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LinkedIn Recruiter Unveils New Look, Candidate Matching Feature

by Apr 10, 2013, 12:01 pm ET
New Recruiter Homepage

New Recruiter Homepage

Sporting a new look and with some new features — including a recommendation engine that ‘learns’ the kind of people a recruiter most want — LinkedIn Recruiter is getting an official relaunch this morning.

The redesign itself is an update of the classic LinkedIn Recruiter look to make it more consistent with the LinkedIn homepage redesign that was introduced last fall.

Parker Barril, Linkedin’s Talent Solutions head of product, unveiled the fresh, new LinkedIn Recruiter at a live and webcast user event — ConnectIn — in San Francisco. As he put it, “the consumerization of the enterprise,” the trend toward making products and services easier to use, “is influencing a new generation of products.”

But LinkedIn Recruiter is not just putting on a pretty new face. In conjunction with the redesign, LinkedIn is adding a recommendation engine that, like matching services on job boards and tracking systems, will make suggestions for people recruiters may want to follow. Unlike those other matching systems which present lists of candidates ranked on how well they match your job description, the “People You May Want To Hire” feature uses your searching habits to come up with suggestions.

At first, you may get fairly generic recommendations. As you drill down, filtering your search to an ever finer degree, the suggestions will more precisely match your search. The more searches you do, the more LinkedIn’s algorithms will understand the kind of people you seek.

“It recommends relevant candidates for roles by analyzing previous recruiter behavior — like past searches, InMails sent and jobs posted — and identifying candidate commonalities and patterns that traditional searches might overlook — like career trajectory, job-function similarities and propensity to change locations,” added Barrile.

Previous version

Previous version

Clicking on a recommendation lets you see how good a fit the person is. Then you can add them to those you already follow, associating the person with a specific search. Until you decide otherwise, every time they update their LinkedIn profile, you’ll know. The more they contribute to the groups they’ve joined, and the more actively they manage their careers, the better you’ll get to know them.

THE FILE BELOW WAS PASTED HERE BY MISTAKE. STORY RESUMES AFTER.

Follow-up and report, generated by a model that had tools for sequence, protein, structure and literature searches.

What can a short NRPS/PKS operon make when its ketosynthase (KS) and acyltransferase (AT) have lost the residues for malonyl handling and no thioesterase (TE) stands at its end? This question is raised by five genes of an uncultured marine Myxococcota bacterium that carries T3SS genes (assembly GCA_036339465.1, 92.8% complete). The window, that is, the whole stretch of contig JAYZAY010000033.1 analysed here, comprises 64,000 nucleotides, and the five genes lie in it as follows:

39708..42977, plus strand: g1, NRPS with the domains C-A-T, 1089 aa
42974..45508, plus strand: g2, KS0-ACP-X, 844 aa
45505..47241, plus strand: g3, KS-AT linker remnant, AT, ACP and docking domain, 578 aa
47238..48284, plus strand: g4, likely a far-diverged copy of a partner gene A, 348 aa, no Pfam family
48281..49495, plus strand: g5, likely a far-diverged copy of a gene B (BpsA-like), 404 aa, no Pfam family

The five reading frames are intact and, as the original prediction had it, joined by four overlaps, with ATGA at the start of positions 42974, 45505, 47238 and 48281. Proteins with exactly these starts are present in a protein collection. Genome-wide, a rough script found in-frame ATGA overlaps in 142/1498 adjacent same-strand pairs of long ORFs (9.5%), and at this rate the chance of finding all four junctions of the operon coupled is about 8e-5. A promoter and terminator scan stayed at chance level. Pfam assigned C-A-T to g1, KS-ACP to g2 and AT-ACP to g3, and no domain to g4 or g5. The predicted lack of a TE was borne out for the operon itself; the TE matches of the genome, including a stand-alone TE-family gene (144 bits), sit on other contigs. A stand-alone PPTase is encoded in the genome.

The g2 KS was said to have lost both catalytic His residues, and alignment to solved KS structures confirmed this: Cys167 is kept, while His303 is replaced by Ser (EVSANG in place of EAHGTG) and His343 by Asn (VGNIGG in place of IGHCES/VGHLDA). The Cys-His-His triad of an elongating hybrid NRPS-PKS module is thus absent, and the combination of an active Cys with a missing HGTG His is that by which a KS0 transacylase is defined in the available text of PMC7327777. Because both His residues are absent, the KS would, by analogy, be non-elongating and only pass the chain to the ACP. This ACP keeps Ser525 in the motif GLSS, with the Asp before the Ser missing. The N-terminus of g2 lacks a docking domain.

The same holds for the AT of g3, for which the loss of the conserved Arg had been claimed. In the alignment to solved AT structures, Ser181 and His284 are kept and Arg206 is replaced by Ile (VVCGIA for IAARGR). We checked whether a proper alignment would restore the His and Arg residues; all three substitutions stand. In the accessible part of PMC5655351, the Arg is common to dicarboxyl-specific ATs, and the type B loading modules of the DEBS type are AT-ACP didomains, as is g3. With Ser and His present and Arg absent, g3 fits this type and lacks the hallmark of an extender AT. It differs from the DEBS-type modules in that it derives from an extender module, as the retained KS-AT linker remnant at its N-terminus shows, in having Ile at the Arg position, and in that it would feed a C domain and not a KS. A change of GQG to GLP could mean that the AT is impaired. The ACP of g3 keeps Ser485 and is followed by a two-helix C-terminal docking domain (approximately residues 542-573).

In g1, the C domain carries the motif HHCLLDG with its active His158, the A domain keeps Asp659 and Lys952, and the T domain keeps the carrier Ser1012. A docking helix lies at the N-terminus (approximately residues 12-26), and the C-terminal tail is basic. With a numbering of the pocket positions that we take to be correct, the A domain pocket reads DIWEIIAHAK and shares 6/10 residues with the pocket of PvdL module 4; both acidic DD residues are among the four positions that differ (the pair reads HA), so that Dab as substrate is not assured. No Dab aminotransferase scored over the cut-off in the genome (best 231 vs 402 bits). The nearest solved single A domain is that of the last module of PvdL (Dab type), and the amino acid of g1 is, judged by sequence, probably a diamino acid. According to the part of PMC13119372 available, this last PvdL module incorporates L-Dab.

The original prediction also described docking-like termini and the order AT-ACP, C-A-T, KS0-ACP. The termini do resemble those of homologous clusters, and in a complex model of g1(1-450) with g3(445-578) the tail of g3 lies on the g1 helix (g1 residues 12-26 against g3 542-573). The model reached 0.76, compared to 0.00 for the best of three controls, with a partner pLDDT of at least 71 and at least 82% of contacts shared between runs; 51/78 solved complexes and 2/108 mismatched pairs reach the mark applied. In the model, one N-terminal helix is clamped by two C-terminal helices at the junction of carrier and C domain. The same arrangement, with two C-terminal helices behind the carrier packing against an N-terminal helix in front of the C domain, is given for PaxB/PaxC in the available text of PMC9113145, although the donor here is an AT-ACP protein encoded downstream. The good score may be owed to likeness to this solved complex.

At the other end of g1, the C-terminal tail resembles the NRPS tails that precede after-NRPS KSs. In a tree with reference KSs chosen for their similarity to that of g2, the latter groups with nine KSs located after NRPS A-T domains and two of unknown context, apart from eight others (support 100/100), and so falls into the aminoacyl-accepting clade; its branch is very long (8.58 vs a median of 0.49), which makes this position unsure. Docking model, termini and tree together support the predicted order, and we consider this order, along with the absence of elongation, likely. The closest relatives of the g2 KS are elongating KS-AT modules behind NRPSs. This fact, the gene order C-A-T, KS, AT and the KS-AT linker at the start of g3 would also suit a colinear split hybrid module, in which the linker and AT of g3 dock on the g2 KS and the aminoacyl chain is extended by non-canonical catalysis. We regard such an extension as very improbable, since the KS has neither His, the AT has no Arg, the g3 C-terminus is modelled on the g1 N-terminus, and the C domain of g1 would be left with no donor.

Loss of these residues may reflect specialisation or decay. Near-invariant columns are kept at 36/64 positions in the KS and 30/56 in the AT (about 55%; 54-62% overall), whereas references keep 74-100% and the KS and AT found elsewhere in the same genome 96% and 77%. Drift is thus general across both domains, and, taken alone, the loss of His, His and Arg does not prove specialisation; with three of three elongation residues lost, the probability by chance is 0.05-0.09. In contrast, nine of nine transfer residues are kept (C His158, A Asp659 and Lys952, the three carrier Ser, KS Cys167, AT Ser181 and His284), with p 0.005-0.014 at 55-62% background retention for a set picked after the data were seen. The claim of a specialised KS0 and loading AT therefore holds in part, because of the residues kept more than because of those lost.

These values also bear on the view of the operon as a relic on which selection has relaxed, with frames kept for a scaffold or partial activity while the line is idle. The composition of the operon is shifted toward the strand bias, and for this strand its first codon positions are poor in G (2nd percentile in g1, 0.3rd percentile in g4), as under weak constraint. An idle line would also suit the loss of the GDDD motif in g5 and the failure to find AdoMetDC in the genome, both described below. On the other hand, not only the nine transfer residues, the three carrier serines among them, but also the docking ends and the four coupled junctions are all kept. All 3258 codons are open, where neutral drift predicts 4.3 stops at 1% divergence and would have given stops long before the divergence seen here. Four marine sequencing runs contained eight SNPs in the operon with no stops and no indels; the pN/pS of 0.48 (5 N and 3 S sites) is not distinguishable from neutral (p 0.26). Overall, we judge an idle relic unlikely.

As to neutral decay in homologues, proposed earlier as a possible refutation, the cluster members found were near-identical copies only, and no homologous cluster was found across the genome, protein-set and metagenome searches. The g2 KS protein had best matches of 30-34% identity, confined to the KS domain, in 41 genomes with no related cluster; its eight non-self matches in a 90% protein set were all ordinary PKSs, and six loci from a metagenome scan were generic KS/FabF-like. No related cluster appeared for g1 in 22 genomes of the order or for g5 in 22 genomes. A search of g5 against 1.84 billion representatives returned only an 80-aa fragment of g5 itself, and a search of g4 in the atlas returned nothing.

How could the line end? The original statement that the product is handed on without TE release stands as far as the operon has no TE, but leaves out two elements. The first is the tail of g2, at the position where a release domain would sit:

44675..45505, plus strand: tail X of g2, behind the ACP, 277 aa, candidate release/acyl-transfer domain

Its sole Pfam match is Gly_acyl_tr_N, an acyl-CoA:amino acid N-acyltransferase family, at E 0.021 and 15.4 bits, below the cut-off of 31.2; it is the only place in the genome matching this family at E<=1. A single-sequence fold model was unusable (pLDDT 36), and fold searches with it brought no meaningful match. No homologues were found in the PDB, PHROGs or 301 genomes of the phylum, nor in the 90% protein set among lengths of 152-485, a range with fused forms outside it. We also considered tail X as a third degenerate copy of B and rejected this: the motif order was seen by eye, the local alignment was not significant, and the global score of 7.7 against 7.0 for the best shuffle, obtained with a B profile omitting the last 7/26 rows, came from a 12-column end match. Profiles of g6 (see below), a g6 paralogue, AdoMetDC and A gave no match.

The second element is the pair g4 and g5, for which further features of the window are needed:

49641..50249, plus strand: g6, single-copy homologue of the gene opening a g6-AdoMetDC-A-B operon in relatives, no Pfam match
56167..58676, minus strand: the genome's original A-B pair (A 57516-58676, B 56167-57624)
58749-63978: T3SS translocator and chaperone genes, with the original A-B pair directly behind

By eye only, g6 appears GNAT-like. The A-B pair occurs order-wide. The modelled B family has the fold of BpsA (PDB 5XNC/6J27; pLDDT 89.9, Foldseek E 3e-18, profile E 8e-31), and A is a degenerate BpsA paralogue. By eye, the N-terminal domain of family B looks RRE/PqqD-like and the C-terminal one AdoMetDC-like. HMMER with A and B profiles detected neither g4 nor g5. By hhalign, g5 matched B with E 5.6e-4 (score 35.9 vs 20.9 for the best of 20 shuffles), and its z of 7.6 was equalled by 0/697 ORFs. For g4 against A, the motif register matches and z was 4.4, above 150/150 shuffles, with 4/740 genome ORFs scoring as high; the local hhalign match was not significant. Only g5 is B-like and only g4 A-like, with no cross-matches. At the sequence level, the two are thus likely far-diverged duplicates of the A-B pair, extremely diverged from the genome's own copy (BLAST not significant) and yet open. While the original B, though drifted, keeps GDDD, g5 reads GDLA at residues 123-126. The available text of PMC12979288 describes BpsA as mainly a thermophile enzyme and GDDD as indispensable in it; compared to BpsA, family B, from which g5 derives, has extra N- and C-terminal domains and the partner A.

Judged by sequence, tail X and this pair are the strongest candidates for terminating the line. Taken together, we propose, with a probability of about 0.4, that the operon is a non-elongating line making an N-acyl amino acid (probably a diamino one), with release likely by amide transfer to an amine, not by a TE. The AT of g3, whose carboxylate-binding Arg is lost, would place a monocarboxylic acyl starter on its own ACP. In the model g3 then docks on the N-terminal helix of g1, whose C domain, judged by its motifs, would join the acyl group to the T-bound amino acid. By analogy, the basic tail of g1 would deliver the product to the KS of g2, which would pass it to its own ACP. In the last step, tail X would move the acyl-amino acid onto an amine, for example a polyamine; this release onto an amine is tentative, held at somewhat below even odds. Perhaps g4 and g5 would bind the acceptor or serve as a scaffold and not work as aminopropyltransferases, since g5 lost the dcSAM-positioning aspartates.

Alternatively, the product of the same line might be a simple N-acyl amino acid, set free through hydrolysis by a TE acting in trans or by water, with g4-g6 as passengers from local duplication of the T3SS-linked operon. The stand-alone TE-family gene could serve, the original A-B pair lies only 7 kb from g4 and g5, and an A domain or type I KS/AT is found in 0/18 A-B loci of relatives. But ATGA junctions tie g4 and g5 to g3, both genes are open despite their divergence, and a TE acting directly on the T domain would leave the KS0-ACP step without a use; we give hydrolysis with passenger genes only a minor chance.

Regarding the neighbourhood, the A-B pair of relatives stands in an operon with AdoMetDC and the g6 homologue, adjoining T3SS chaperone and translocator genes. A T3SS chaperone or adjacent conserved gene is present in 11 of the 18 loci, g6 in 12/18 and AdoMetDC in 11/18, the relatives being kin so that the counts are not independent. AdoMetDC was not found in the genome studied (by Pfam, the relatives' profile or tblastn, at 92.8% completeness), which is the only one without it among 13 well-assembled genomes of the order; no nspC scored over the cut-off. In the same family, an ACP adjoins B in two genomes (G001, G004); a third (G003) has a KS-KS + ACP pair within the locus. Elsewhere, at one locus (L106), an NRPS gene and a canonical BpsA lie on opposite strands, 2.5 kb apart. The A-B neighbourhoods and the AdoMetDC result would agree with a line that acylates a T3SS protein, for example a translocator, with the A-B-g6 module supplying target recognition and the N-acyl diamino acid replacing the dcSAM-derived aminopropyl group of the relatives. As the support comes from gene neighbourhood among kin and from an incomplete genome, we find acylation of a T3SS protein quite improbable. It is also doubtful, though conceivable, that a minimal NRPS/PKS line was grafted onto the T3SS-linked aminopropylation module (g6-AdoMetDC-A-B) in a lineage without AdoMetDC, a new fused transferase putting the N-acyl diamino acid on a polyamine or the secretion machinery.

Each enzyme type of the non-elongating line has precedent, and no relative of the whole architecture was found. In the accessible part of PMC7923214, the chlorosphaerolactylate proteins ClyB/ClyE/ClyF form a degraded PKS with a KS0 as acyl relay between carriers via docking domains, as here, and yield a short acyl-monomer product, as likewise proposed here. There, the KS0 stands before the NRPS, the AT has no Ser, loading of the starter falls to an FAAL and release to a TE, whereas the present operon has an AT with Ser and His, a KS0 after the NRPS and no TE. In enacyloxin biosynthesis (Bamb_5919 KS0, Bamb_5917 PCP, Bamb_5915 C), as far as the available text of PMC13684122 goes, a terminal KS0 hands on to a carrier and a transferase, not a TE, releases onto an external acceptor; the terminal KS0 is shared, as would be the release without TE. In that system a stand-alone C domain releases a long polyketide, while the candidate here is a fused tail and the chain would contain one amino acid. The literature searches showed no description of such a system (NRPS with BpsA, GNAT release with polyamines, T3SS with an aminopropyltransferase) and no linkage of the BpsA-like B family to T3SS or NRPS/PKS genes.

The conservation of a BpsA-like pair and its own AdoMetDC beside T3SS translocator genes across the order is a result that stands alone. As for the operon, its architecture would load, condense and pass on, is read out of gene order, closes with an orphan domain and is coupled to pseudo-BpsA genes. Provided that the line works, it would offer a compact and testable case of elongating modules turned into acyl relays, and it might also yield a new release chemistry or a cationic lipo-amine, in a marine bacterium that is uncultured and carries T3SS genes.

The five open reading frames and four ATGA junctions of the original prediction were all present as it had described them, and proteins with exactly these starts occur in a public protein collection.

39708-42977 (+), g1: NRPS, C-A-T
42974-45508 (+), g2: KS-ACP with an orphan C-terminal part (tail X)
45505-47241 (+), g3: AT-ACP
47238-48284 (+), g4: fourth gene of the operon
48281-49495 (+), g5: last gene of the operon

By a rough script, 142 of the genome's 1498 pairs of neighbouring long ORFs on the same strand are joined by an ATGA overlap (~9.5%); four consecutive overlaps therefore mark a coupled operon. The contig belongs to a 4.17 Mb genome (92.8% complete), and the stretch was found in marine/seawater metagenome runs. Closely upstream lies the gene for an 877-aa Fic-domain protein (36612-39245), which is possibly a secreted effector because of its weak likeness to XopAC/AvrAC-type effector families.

This is a convenient way to build a talent pipeline and decide who you want to pursue when the right job comes open. LinkedIn Recruiter clients have long been able to do that. But you had to go actively search for people meeting the criteria. You still have to search, but once you do, LinkedIn helps make it an ongoing, automated process.

This article is provided for informational purposes only and is not intended to offer specific legal advice. You should consult your legal counsel regarding any threatened or pending litigation.

  • Keith Halperin

    Thanks John. The main change I’d like for LIR would be something I won’t hold my breath on:
    Having the “I’m open to new jobs/career opportunities” setting as an “OPT-IN” feature and not as currently “an “OPT-OUT” one. This would greatly improve our efficiency, as we wouldn’t be wasting our time going after people who really aren’t open to any new opportunities, but haven’t bothered to say so…

    -kh

  • Roland Behm

    To what extent have these LIR processes been validated from the perspective of not having a discriminatory impact on persons in protected classes (e.g., age, sex, gender, disability)?

    As noted in the article, “[t]he more searches you do, the more LinkedIn’s algorithms will understand the kind of people you seek.” What if there are “flaws” in those algorithms that, wittingly or not, screen out persons in protected classes? Alternatively, what if there are subtle (or even not so subtle) biases of the recruiter/employer? Won’t those biases be replicated and “insitutionalized” by this process?

    Since the employer has legal responsibility for any discriminatory aspects of its hiring and recruiting processes, it can’t point to the third-party provider (i.e., LIR) to avoid liability.

    I’m reminded of a quote from an article from about five years ago that reads, “the seemingly “scientific results” attributed to pre-employment tests [may]cause all differences to “appear” real. In cloaking imperfect measurements beneath the veil of science, the numbers touted by the test publishers are injected with an air of authority, legitimacy, and truth that intentionally or otherwise, … [may] disguise the … reality of discrimination produced by the process.”

  • http://www.matchpointcareers.com Paul Basile

    It looks to me like this new approach will successfully enable employers to make mistakes consistent with the mistakes they have made in the past. It institutionalizes bad (and good) habits. But there is nothing that I can see that improves the prediction of performance. Without that, why bother?

  • Keith Halperin

    @ Roland, @ Paul. Very good and relevant points. I do not know whether or not LI intended to do so, but either way, LI is performing a very sound business strategy- you can usually make lots of money confirming a clients, biases, prejudices, and errors while convincing them they are actually doing something different and better…

    Cheers,

    Keith
    Keithsrj@sbcglobal.net

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